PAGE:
CHICAGO -- The Minnesota Wild again face an uphill battle in the Stanley Cup Playoffs.
The Chicago Blackhawks made certain of that in Game 1 of the Western Conference Second Round on Friday when they scored three straight goals to snap a tie on the way to a 5-2 victory against the Wild at United Center.
It's nothing new to the Wild, who spent all of their first-round series playing from behind against the Colorado Avalanche before finally winning Game 7 in Denver for their first postseason series victory in 11 years. The Wild overcame 2-0 and 3-2 series deficits and four one-goal deficits in Game 7 before Nino Niederreiter's overtime goal gave them a 5-4 win.
Wild coach Mike Yeo was asked if that confidence gained against the Avalanche will be put to good use against the defending Stanley Cup champions.
"We're not fretting here," Yeo said. "The next game is what I'm looking forward to right now but I know [Chicago] will be better next game. This is a veteran team that recognizes the importance of that game, and they taught us a lesson last year in Game 2 where we thought we could have won but they taught us a lesson.
"We have to recognize the importance of [Game 2]. We know they will recognize it. The areas where we weren't good enough and the guys who know they can bring more, will be ready to bring it."
In their five-game, first-round loss to Blackhawks last spring, the Wild won Game 3 but were outscored 8-1 in Games 4 and 5. The Wild had several opportunities throughout this Game 1, outshooting their opponent 32-22. They won three of five regular-season games against the Blackhawks, going 2-1-0 in St. Paul and 1-0-1 in Chicago.
"We had some good jump and lot of good zone time and rush chances," Wild forward Zach Parise said. "We feel good about what we did, but at the same time we have to understand that this is a team that has players that have won the Cup twice and they're going to turn their game up a notch, I guarantee that."
Among the many positives the Wild can take away from the loss was the performance of their top line with Mikael Granlund centering Parise and Jason Pominville. It accounted for two points and nine shots against goalie Corey Crawford (30 saves).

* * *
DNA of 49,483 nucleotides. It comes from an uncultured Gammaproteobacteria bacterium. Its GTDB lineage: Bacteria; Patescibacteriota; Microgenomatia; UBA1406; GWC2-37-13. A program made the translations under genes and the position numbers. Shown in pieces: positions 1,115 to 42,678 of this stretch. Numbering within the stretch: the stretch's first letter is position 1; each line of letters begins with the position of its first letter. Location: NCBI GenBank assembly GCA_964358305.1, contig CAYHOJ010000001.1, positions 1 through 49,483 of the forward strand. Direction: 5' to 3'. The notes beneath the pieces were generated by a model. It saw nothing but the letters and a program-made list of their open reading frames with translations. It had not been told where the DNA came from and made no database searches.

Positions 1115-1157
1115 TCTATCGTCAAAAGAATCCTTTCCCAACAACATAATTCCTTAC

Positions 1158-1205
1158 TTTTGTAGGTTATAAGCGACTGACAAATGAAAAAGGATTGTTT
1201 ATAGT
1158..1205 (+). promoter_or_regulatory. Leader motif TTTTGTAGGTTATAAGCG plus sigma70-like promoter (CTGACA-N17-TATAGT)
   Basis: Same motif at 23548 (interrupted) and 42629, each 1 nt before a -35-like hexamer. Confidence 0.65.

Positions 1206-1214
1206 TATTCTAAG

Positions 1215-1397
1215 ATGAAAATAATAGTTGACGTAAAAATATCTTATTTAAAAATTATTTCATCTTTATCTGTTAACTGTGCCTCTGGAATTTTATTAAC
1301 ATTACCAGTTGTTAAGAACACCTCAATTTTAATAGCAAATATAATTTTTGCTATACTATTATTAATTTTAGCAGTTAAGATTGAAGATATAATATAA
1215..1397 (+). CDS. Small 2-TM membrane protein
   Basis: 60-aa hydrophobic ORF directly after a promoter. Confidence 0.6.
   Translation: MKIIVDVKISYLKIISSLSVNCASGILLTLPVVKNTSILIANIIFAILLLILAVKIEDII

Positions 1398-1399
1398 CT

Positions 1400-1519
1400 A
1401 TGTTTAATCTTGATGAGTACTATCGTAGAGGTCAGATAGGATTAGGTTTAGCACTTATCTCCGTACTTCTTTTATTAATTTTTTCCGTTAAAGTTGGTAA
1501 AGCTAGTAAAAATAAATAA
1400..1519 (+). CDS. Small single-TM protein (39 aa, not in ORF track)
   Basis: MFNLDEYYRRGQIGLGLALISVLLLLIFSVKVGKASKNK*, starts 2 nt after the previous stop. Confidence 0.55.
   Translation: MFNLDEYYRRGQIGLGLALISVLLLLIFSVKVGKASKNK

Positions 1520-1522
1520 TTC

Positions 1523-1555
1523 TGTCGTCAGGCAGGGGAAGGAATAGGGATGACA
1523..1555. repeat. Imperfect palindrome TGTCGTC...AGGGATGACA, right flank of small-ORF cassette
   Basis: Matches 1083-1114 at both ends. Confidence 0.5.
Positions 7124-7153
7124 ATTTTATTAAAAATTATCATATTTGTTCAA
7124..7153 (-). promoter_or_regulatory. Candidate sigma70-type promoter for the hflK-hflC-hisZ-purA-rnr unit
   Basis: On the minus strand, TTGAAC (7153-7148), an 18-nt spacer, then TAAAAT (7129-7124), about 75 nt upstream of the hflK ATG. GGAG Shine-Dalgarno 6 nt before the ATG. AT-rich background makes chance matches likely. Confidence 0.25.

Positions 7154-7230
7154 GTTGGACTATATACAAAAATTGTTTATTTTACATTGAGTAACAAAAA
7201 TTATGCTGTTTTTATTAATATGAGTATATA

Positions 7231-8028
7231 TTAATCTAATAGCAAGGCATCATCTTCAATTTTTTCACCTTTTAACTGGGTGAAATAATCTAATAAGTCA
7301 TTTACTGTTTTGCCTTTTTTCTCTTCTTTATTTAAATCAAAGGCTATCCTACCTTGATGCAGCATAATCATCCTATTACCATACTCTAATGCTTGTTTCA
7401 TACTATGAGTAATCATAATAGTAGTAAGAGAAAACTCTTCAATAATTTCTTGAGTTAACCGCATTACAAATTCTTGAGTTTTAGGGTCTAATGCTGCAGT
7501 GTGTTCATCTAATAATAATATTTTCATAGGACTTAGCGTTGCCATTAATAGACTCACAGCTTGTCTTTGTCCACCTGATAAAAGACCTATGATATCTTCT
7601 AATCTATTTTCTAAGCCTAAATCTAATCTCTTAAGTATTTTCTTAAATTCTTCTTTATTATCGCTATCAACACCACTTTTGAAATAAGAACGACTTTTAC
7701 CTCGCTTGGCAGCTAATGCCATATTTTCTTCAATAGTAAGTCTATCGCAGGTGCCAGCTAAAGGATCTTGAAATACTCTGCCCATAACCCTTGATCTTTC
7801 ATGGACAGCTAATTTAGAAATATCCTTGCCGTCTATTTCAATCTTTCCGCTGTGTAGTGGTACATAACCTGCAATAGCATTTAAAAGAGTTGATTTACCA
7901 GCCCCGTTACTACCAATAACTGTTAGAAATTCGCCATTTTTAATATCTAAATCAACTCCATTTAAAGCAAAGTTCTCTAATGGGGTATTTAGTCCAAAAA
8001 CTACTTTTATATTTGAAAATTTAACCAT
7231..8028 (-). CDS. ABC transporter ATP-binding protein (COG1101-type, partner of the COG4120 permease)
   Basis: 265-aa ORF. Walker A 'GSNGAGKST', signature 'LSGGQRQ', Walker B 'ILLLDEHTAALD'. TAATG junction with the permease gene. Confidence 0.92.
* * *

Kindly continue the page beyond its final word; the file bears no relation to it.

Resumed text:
"They're going to be a lot better in Game 2 and now it's up to us to match that and improve our game too," Parise said. "But I think we should expect them to be a much better team next game."
Game 2 is Sunday at United Center (3 p.m. ET; NBC, RDS, TSN). Yeo said his team could have delivered even more and anticipates a better showing.
"We had some good moments in the game, but what it came down to is we weren't complete enough to win this hockey game," he said. "We weren't complete enough collectively and individually. Even at that, like I said, there were some good moments, but trust me, we're not happy with our game. I felt that we didn't have everybody at the level that we needed to be at, so we'll rectify that. We recognize that they'll be better next game, and with that we'll make sure that we're better to."
One key for success might be keeping close tabs on Blackhawks right wing Patrick Kane, who scored two goals on four shots in Game 1 and broke the 2-2 tie.
"I thought we had momentum in the game but it was a good goal by [Kane]," Wild defenseman Clayton Stoner said. "A good team like that has players who can take the game over and we just have to know that and be aware of it."
Stoner, who was one of Minnesota's best players with three shots and a team-leading six hits, said the series victory against the Avalanche has given the Wild confidence to overcome any obstacle.
"We proved to ourselves in the last series that we're never out of a game, and I think even when [Chicago] took a 3-2 lead in the third, we on the bench believed," Stoner said. "We still had a couple chances after that but they just didn't go in."